Stressed street trees: Lindens, oaks, or maples facing premature death in the future


Rambling through Hamburg and its environs, you will discover a landscape sculpted by the ice ages. Glaciers of the past pushed large amounts of scree shaping today’s hilly countryside northeast of the City. Meltwater leached the glacial Elbe valley and wind-blown sand deposits piled up into dunes such as the Boberg Dunes nature reserve.

Newly planted trees in Hamburg are expected to last no more than 50 years.
Annette Eschenbach explores what trees need to live in the city.

From glacial materials and recent sedimentation—for instance, due to the Elbe’s tidal conditions—about 30 different soil types have developed, representing almost all soils occurring in Germany. Very few people have heard their names: Regosol, for example, is a plain, carbonate-poor soil, whereas Podzol is acidic and sandy, and Gley groundwater-saturated.

Together with my team from the Center for Earth System Research and Sustainability (CEN) at Universität Hamburg I am exploring how the various soils react to climate change and how their roles in the ecosystem and human well-being are altering. The rising temperatures and longer dry spells in summer predicted for North Germany will dry out local soils with poor water storage and transmission abilities such as the sandy areas of the Lüneburg Heath. Dehydration will also make them susceptible to wind erosion. More extreme rainfall may effect waterlogging in the less permeable soils in northeast Hamburg — plus water-induced erosion.

These changes will also impact the City’s vegetation, particularly urban trees. They are already forced to withstand difficult conditions: A warmer local climate than in the countryside, higher pollution levels, and sealed, compacted soils. Currently, 60 percent of urban Hamburg are covered by settlements and areas constructed for traffic, more than one third is sealed.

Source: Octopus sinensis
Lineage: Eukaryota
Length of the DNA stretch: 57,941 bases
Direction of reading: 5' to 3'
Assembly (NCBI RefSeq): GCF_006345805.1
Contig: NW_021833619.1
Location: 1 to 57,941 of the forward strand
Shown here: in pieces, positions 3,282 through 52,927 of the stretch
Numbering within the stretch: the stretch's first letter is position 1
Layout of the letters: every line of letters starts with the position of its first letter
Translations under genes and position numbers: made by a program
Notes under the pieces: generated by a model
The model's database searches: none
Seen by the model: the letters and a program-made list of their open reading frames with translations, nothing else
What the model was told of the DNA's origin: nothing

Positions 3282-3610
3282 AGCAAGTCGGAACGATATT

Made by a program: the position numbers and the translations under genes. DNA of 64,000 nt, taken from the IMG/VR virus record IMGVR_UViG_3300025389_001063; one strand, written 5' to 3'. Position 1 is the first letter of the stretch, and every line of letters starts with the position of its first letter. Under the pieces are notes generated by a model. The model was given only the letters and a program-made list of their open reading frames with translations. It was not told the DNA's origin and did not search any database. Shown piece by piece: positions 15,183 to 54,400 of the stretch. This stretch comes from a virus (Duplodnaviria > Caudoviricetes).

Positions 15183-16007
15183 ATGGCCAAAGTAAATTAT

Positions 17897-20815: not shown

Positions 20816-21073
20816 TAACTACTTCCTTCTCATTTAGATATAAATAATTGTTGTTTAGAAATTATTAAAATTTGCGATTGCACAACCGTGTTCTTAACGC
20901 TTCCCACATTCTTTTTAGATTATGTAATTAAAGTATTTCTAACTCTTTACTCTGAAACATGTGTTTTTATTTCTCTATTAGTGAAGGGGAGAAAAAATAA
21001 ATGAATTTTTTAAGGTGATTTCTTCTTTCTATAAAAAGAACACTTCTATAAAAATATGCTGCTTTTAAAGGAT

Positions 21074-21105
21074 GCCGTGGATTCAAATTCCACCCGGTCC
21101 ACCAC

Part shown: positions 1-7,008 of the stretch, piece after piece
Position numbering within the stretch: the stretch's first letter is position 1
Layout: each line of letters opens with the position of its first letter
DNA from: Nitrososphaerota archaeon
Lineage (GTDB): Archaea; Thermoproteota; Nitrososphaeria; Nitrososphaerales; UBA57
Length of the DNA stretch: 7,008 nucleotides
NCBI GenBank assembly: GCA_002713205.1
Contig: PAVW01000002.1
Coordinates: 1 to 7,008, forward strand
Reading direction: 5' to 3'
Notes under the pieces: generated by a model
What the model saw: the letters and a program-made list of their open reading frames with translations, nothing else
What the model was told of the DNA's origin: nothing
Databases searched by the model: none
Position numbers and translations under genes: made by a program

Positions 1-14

My team and I collected soil samples across the city and analyzed them. In 9 out of 10 places we found substances dumped by humans, mostly mineral-poor sand that can scarcely store any water. Almost every third sample contained building rubble, waste, slag, and ashes.

Young trees can hardly grow roots in such soils. Thus, street tree seedlings are often placed into pits with a planting depth of 1.5 meters. But these pits will soon be too small; after all, a tree root system requires about as much space as its visible part, its crown. If tough conditions worsen on account of climate change, future street trees will be prone to short life spans. We expect newly planted trees to last no more than 40–50 years.

This would be tragic for Hamburg. No prospect of regrowing a well-established stock of trees; a dramatic loss, as ancient and mighty linden, oak, or maple trees help humans thrive by producing oxygen, providing shade, and cooling their surroundings through evaporation.

Hence, I am investigating how we can improve living conditions for trees in urban settings. We need, for instance, suitable growing mediums for planting holes which can store or drain water as needed. Assigning specially trained soil guards to roadside construction sites might help, too. We should all learn how to better protect and value soils; they are the bread and butter of plant life and animals aplenty—an all-too-exhaustible resource.

This content was first published as a guest article in the newspaper Hamburger Abendblatt in July 2018.

Annette Eschenbach is a professor of soil protection and soil technology and a member of Universität Hamburg’s Center for Earth System Research and Sustainability (CEN).

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